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Prior Authorization Clinic

Improving the Prior Authorization Process

With ever increasing payer strains, how can the prior authorization process be improved? In this resource, three focus groups discussed barriers and challenges they regularly experience, and subsequently, generated potential solutions to help overcome these mounting strains. Read what they uncovered and learn what measures you may take now.


Health care costs in the United States are unsustainable. In 2020, health care expenditures rose starkly to $4.1 trillion1. For years, utilization management techniques have been used to control the cost of care. Though presented in different forms, utilization management seeks to influence decisions about patient care (appropriateness) including drugs, procedures, imaging, etc. Such measures have had both positive and negative consequences, such as enhancing the patient experience, or impacting access to care and contributing to provider burden.

One such utilization management technique is prior authorizations. Health insurance providers (commercial and public) use prior authorization as a method to verify that a treatment (e.g., drug, procedure, or service) is medically necessary before it is done2. However, for oncologists and many other providers, the burden of seeking permission to give patients the best care possible, paperwork to fight denials, or the time necessary to educate medical reviewers on why the therapies are needed is too much. And the burden is only increasing.

A recent oncology study found that payer strains with prior authorizations are the most-cited source of provider stress3.

ACCC is developing an educational program titled, “Prior Authorization Clinic,” that will foster discussions on how to ease provider burden and ensure the best quality care for the patient.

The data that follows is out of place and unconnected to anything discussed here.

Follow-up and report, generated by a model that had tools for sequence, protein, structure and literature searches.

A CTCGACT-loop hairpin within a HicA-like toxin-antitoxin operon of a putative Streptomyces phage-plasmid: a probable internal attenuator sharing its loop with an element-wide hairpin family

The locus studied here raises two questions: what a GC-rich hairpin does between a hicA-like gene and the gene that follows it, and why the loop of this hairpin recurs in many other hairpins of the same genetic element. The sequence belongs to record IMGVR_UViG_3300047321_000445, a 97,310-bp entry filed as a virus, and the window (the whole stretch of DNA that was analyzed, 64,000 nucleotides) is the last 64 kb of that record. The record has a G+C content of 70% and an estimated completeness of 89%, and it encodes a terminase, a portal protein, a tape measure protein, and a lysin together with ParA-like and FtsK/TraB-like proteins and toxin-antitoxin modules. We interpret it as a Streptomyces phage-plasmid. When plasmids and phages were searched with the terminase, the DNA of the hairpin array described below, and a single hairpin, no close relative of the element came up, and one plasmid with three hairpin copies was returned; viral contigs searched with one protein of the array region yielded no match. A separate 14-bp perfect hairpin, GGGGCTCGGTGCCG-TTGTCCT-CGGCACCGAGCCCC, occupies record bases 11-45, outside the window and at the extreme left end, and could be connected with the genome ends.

The aims of this educational program include:

  • Reducing the administrative burden of prior authorization processes by sharing best practices
  • Addressing key areas of prior authorization, including new technologies or areas where there are high errors in billing and coding resulting in high denials
  • Providing examples of standardized criteria for ordering and prescribing services that align with evidence-based guidelines
  • Developing a series of case-based prior authorization scenarios that cancer programs can utilize in advocating for change, locally and nationally, at their cancer program
  • Showcasing successful methods to track prior authorizations and results for pertinent members of the multidisciplinary cancer care team
Harvin“As a community-based cancer center, a lot of our patients deal with financial toxicity, and do not have access to certain medications or funds. We are currently trying to define how to stretch expertise and resources to manage patients across all sites as efficiently as possible.”
Andre Harvin, PharmD, MS
Cone Health

Ingram“As a clinician, I am really concerned about getting treatment delivered to patients in a timely fashion, and in a way where they feel confident in the system and that all the resources have been obtained.”
Richard Ingram, MD
Shenandoah Oncology

Vilmarie Rodriguez“From a psychosocial perspective, we hear and deal with a lot of clients when they receive a denial, and even when they just start the process with health literacy issues.”
Vilmarie Rodriguez, LCSW


  1. Centers for Medicare & Medicaid Services. National Health Expenditure Data: Historical. 2021. Retrieved July 14, 2022, from,For%20additional%20information%2C%20see%20below.
  2. American Cancer Society. Getting Medical Pre-approval or Prior Authorization. 2019. Retrieved July 14, 2022, from
  3. Kirkwood, M.K., Hanley, A., Bruinooge, S.S., Garrett-Mayer, E., Levit, L.A., Schenkel, C., Seid, J.E., Polite, B.N., & Schilsky, R.L. The State of Oncology Practice in America, 2018: Results of the ASCO Practice Census Survey. Journal of Oncology Practice 2018 14:7, e412-e420

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This project is made possible by support from: Amgen, Genentech and Seagen